In elementary school, running into your teacher outside of school was like watching your favorite television character walk right out of the screen. Our grade school teachers only existed in construction paper covered classrooms, between cursive writing lessons and popcorn reading. As we’ve grown, of course, it’s easier to see that teachers have lives too. They wait with us in line at Temple of Zeus; they peek at their phones during discussion. But Greg Graffin, a professor of evolution this past fall semester and former PhD student at Cornell University, forges new boundaries for the teacher-form. You might see Professor Graffin at the grocery store, but, more likely, when class time ends, he heads across the country for the weekend to rehearse with his punk rock band: Bad Religion. And if that’s not enough for an existential crisis, a community of paleontologists just named an ancient bird fossil after the professor-rock star-hybrid. And, on March 10th, Graffin released his second solo album. Graffin transcends classroom walls with his ten track Millport, but, rather than assuming a punk rocker alter ego, Graffin retains an intellectual, paleontologist sense of self within each folk melody.
Despite what his students might think, Graffin’s Millport convinces me that he moonlights as neither a musician nor a professor. Like the recently excavated “Qiliania graffini” fossil, Graffin emerges in Millport as an impression of all his experiences, ventures and scientific findings. If his students listen to his new album, they might be surprised by how much he sounds like himself. And, at the same time, they’d regret how little they knew of him. Graffin describes the creative process of his album scientifically: “Like a huge tree with broad limbs, you can never predict what the crown will look like from the time that the roots are embedded in the soil.” In addition to being factually correct, this description fits Graffin’s lifestyle, as well as his academic and creative work. Graffin joined Bad Religion right out of high school and now remains in the group as the only founding member. He planted his roots and the rest of his career grew from that point. Then, leaves sprung out: a book deal (Anarchy Evolution: Faith, Science and Bad Religion in a World Without God), a PhD, a first solo album (American Lesion) and a teaching gig. Yet, Graffin remains rooted in one consistent form. Millport doesn’t so much unearth this root but clings on to a sense of constancy in Graffin’s ever evolving mold.
Millport and Graffin’s occupational philosophy work as an additive process. The album comes together by focusing on what can grow, rather than emphasizing what must drop away. Millport sounds like letting the leaves fall off a tree and then carefully pinning them back on. Graffin contends that the album represents “three distinct historical trends that came together in the span of only 10 days, during recording at Studios 606 and Big Bad Sound in April of 2016.” He cites the following as these three histories: the musicians, the musicianship and the people. Graffin’s three “roots” could be trees all in themselves and yet he resists breaking things apart. Instead, he brings opinions, occupations and instruments together. Millport characterizes no one specific moment, identity or period of life. It retains the professor, the high-school rock star, the mature performer and the author. And, most centrally, it adds the human qualities that these titles often leave out. Millport reveals what’s important to Graffin, without a syllabus or a tour schedule, without lecture slides or chapter titles. Millport patches together a sense of home—that place where everything fits and nothing falls apart—in his lyrics and instrumentals. He arrives at this place not as the un-ironic, penniless rock star reject, but as just another stop on his historical odyssey. He passes through pit-stops with more than emotional baggage.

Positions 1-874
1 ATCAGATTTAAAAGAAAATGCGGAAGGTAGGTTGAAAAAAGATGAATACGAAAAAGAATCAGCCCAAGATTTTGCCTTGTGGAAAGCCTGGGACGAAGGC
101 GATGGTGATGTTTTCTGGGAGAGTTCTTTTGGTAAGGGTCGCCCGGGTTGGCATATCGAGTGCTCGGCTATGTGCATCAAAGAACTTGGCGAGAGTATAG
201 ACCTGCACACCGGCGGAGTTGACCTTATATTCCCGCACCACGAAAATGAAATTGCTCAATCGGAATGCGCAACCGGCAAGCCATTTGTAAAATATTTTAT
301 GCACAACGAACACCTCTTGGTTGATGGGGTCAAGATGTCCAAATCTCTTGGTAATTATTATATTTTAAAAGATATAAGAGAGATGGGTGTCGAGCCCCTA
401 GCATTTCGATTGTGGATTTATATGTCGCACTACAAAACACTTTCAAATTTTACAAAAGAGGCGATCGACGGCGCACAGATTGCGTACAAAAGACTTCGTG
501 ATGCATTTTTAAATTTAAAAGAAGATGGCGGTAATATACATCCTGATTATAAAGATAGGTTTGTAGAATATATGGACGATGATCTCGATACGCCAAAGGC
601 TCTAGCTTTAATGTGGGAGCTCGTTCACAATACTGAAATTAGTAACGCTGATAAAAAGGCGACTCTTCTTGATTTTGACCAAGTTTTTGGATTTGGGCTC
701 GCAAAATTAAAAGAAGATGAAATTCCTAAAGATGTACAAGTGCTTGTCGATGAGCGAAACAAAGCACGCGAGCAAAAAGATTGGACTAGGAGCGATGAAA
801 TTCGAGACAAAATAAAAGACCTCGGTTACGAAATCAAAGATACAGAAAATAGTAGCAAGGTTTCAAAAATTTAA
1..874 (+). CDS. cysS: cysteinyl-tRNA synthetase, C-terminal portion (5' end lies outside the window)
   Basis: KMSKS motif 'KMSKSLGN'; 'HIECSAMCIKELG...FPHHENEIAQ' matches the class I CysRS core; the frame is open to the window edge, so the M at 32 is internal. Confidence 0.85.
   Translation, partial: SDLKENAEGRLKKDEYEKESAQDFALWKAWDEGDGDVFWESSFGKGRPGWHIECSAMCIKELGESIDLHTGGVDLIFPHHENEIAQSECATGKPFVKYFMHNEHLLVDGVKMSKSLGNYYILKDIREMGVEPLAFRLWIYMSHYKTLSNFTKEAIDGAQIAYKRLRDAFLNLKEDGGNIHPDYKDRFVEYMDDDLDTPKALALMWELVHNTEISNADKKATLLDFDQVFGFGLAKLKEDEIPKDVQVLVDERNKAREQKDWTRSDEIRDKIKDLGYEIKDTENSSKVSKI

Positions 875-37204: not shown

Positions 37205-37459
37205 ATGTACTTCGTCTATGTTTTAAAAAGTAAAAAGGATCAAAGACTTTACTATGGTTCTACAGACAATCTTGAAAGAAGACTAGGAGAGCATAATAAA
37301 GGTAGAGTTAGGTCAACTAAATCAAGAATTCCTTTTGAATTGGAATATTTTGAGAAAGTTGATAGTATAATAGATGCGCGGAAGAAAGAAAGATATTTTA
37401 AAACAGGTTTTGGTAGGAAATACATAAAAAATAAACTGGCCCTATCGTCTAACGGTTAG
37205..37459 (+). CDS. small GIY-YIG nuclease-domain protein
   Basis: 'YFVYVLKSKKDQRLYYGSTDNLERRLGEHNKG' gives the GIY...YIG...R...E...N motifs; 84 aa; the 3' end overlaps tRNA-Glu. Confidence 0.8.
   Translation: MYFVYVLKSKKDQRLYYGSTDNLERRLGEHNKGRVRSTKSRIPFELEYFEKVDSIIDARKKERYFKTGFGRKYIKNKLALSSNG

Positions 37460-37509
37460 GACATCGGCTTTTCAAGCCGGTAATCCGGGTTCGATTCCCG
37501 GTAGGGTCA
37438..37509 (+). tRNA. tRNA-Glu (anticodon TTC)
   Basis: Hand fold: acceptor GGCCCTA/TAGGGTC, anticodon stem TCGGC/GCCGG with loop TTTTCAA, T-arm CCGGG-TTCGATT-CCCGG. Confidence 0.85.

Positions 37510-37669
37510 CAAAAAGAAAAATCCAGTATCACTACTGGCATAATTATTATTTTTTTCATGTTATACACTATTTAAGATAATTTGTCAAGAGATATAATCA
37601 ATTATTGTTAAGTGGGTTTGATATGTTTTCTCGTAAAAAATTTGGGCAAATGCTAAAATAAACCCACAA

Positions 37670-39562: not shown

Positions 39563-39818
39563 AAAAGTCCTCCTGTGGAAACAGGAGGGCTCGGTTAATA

Evolution, as a study, relies both on the idea of moving forward and falling back. We continue to ask ourselves what we once were only because we’re something different now. We wonder where we came from; because, if ashes go to ashes, we might return there again. Graffin’s Millport focuses on the progress from a starting point rather than the return to nothingness. He approaches his music like a paleontologist observing his field work, with a knowledge of the histories, theories and characteristics that lend important meaning to small findings. In the album, Graffin traces “historical roots,” which not only stabilize his music but support all of the experiences and moments he adds to them. When interviewers ask Graffin how he can make everything work in his tight schedule, Graffin answers that teaching “leaves plenty of time to head overseas on the weekends!”. Teachers have a way of compacting a lot of information into short periods of time. A prelim review section, after all, can transport you from pre-test self assurance to immovable horror. In Millport, Graffin shrinks, squeezes, compresses and packs things up in a magical, preservative way. I picture the professor arriving back in Ithaca each Monday morning and unpacking his weekend suitcase like a folk rock Mary Poppins. Graffin breaks all professor stereotypes, but, I’d still be surprised to see him in a grocery store.
Julia Curley is a sophomore in the College of Arts and Sciences. She can be reached at email@example.com